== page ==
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Twitter censors ‘provocative’ Trump post, President hits back with order

By Sunetra Choudhury and Yashwant Raj, New Delhi/washington Dc
PUBLISHED ON MAY 30, 2020 12:02 AM IST

US President Donald Trump’s executive order targeting social media companies may be motivated by personal and not national concerns — in this case, a spat with Twitter — but does reflect a growing concern around the world over the role these companies play in disseminating information and shaping opinions, both akin to the role traditionally played by media firms, even while being legally protected from being sued for content.

This is especially ironic because the main source of revenue for such platforms is the same as that for media companies — advertising, which, in their case, is sharply targeted given the extent of information they have about their users.

Section 230 of a 1996 US federal law protects these platforms from being treated as “publishers” even while it gives them the powers to moderate or regulate content without any liability.

Trump’s ire, as mentioned in the executive order passed on Thursday, is that the “online platforms are engaging in selective censorship that is harming our natural discourse”; “flagging content as inappropriate even though it does not violate any stated terms of service” ; and “deleting content and entire accounts with no warning”. The order targeted Twitter, which it said “selectively decides to place a warning label on certain tweets in a manner that clearly reflects political bias” and which “never seems to have placed such a label on another politician’s tweet”.

The reference was to Twitter fact-checking two of Trump’s tweets about mail-in-ballots. But far from backing away, Twitter responded by flagging a post from the US President several hours later for violating its policy on glorifying violence.

Trump’s action struck a chord in India where social media platforms have been accused of bias and trying to behave like media companies without any of the accountability that entails.

Information technology minister Ravi Shankar Prasad warned that “the right to freedom of opinion must be respected by platform owners otherwise they themselves will be questioned by the people of stifling a contrary view”.

“What is happening in America is their concern; I have no comment to offer on that,” said Prasad. “As an IT minister, I can only say that India is a free, democratic country and we appreciate the role of social media in empowering people. However, these social media platform operators must follow certain well defined norms, not promote hatred, terrorism, secessionism and communal violence,” he added in an interview.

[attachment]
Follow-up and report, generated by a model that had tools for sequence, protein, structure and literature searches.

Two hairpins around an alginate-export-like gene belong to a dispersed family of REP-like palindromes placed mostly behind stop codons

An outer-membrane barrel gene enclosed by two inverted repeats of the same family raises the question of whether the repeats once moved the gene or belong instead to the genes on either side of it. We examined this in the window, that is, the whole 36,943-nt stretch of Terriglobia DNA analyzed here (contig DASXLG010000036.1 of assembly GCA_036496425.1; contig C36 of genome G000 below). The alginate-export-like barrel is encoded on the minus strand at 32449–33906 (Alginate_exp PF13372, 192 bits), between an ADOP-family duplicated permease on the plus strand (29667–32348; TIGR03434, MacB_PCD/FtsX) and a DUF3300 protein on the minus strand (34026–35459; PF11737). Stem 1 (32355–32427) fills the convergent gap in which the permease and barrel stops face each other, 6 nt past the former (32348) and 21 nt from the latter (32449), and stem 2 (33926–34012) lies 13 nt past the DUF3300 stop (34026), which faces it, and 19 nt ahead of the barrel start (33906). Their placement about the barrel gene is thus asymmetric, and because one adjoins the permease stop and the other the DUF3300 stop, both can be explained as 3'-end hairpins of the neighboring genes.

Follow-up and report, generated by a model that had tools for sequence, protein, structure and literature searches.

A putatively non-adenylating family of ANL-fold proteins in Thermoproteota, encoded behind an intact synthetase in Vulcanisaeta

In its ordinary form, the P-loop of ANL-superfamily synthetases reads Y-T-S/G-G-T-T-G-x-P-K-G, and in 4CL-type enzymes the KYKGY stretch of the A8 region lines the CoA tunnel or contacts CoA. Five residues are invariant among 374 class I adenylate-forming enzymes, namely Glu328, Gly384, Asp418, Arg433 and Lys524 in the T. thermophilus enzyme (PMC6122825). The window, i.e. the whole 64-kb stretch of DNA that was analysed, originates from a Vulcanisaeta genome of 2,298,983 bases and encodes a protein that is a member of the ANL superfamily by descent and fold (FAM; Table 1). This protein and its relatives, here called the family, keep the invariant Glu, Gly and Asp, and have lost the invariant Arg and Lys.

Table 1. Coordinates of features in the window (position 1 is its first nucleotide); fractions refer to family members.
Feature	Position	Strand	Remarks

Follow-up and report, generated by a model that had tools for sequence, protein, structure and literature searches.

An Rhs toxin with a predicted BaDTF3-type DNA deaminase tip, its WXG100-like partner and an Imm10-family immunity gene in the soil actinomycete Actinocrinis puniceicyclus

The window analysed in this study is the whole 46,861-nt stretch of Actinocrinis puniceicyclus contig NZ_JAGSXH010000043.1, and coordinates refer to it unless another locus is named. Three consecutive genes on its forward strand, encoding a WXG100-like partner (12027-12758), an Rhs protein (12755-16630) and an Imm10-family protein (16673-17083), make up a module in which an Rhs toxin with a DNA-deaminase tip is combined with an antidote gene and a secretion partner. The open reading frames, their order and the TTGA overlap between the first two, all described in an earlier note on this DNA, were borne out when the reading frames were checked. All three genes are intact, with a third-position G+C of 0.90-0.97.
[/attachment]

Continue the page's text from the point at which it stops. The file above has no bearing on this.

In the past, these platforms have been accused of bias. “Criticism is welcome but if only one type of criticism is allowed and the counter to it is shelved, then it is not fair. The social media platforms need to acknowledge that free, frank and responsible exchange regardless of political colour or ideology, is of essence in a democratic world and if there are grievances on that score that a platform is favourably disposed towards one and hostile against the other, then it is neither fair nor appreciated,” Prasad explained.

When asked if he was dissatisfied with Twitter’s response to his concerns, he said: “In some cases they have been responsive, in others they need to be more proactive.”

Internet freedom activist and founder of medianama, Nikhil Pahwa, said that governments, including India, will use what they can to control social media platforms. In a LinkedIn post, he wrote that since India was pushing for traceability of a message and proactive takedown of content, “this might lead to the minister saying his ministry is justified in proposing/demanding these amendments”.

Lawyer Prasanna S, who deals with privacy issues, said that the order sparked a debate about an “underlying principle of whether the platform companies should have as much censorial power — particularly when they have become an almost primary tool for exercise of political speech and political organising”.

Twitter India refused to comment on the matter, other than pointing to the company’s response to the executive order which said: “This is a reactionary and politicized approach to such a landmark law. #Section230 protects American innovation and freedom of expression, and it’s underpinned by democratic values. Attempts to unilaterally erode it threaten the future of online speech and Internet freedoms.”

But it may not be as black and white as that. Facebook chief executive officer Mark Zuckerberg said in response to Twitter’s actions that social media platforms cannot be an “arbiter of truth”. His comments came ahead of the executive order.

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